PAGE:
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Veterinary Medicine International
Volume 2016, Article ID 5780408, 6 pages
Research Article

A Homemade Snare: An Alternative Method for Mechanical Removal of Dirofilaria immitis in Dogs

1CIISA, Faculty of Veterinary Medicine, ULisboa, Avenida da Universidade Técnica, 1300-477 Lisboa, Portugal
2Cardiology Unit, Hospital de Santa Marta, Centro Hospitalar de Lisboa Central, EPE, Rua de Santa Marta 50, 1169-024 Lisboa, Portugal
3Small Animal Teaching Hospital, Faculty of Veterinary Medicine, ULisboa, Avenida da Universidade Técnica, 1300-477 Lisboa, Portugal

Received 12 October 2015; Revised 31 December 2015; Accepted 14 January 2016

Academic Editor: Sumanta Nandi

Copyright © 2016 Ana Margarida Alho et al. This is an open access article distributed under the Creative Commons Attribution License, which permits unrestricted use, distribution, and reproduction in any medium, provided the original work is properly cited.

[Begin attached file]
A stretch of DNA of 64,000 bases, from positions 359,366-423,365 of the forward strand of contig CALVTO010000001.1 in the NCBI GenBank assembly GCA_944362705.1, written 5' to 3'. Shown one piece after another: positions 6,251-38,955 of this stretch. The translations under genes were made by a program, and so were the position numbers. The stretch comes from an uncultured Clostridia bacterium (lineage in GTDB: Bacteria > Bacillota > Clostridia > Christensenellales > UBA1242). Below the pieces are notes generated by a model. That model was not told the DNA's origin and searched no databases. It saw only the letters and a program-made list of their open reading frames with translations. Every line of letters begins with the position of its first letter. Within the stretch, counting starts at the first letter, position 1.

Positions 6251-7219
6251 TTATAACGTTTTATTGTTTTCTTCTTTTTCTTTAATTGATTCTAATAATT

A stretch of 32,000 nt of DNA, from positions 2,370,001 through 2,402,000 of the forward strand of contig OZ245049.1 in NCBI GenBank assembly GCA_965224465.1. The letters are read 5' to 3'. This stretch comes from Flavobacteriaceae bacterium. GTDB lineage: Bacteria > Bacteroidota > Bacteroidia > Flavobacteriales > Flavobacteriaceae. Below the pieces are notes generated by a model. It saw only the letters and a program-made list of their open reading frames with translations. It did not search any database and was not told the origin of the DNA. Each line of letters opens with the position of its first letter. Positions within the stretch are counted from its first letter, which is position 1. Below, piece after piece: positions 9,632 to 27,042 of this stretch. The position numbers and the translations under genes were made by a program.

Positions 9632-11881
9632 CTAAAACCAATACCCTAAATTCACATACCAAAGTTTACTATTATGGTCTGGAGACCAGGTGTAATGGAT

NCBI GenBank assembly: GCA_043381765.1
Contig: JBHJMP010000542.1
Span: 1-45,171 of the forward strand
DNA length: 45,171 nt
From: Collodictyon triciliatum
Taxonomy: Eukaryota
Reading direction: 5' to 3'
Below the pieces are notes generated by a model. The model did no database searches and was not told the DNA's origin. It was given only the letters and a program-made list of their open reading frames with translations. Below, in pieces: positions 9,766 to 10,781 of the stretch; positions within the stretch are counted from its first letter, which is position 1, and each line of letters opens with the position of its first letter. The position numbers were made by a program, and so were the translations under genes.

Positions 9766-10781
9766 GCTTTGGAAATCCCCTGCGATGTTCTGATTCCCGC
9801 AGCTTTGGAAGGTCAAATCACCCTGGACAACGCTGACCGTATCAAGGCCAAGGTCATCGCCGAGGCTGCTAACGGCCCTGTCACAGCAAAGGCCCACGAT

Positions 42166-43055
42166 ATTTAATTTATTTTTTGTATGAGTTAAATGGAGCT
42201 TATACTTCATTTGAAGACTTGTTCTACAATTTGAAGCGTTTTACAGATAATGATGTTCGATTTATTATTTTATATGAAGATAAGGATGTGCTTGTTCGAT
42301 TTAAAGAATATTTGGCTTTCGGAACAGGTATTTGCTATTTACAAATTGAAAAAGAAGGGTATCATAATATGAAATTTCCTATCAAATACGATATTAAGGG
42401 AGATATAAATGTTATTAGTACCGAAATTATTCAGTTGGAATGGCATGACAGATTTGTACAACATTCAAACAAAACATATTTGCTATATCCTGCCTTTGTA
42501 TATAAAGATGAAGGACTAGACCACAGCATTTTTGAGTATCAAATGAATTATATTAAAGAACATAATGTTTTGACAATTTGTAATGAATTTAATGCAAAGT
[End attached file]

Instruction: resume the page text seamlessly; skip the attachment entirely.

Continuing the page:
Canine dirofilariosis is a life-threatening parasitic disease that is increasingly reported worldwide. Once diagnosed the main treatment goals are to improve the animal’s clinical condition and to eliminate all life stages of the parasite with minimal posttreatment side effects. This can be achieved through mechanical, surgical, or chemotherapeutical approaches. Currently, manual extraction is the preferred method to remove adult heartworms due to its diminished invasiveness, reduced damage to the vascular endothelium, and shortened anaesthesia duration. However, it remains an expensive technique that can be highly traumatic. To address this issue, a nontraumatic homemade catheter-guided snare was developed for heartworm removal by adapting and folding a 0.014-inch coronary wire (BMW, Abbott Vascular). Transvenous heartworm extraction was performed on a dog severely infected with adult heartworms by inserting the modified snare into a 6-F Judkins right coronary guiding catheter BMW (Cordis) and advancing it into the right ventricle under fluoroscopic guidance. Fifteen adult specimens of Dirofilaria immitis were successfully extracted from the pulmonary artery and right ventricle without complications. To assure the death of both larvae and adults, postoperative treatment was successfully managed using ivermectin, doxycycline, and melarsomine, with no recurrence after surgery.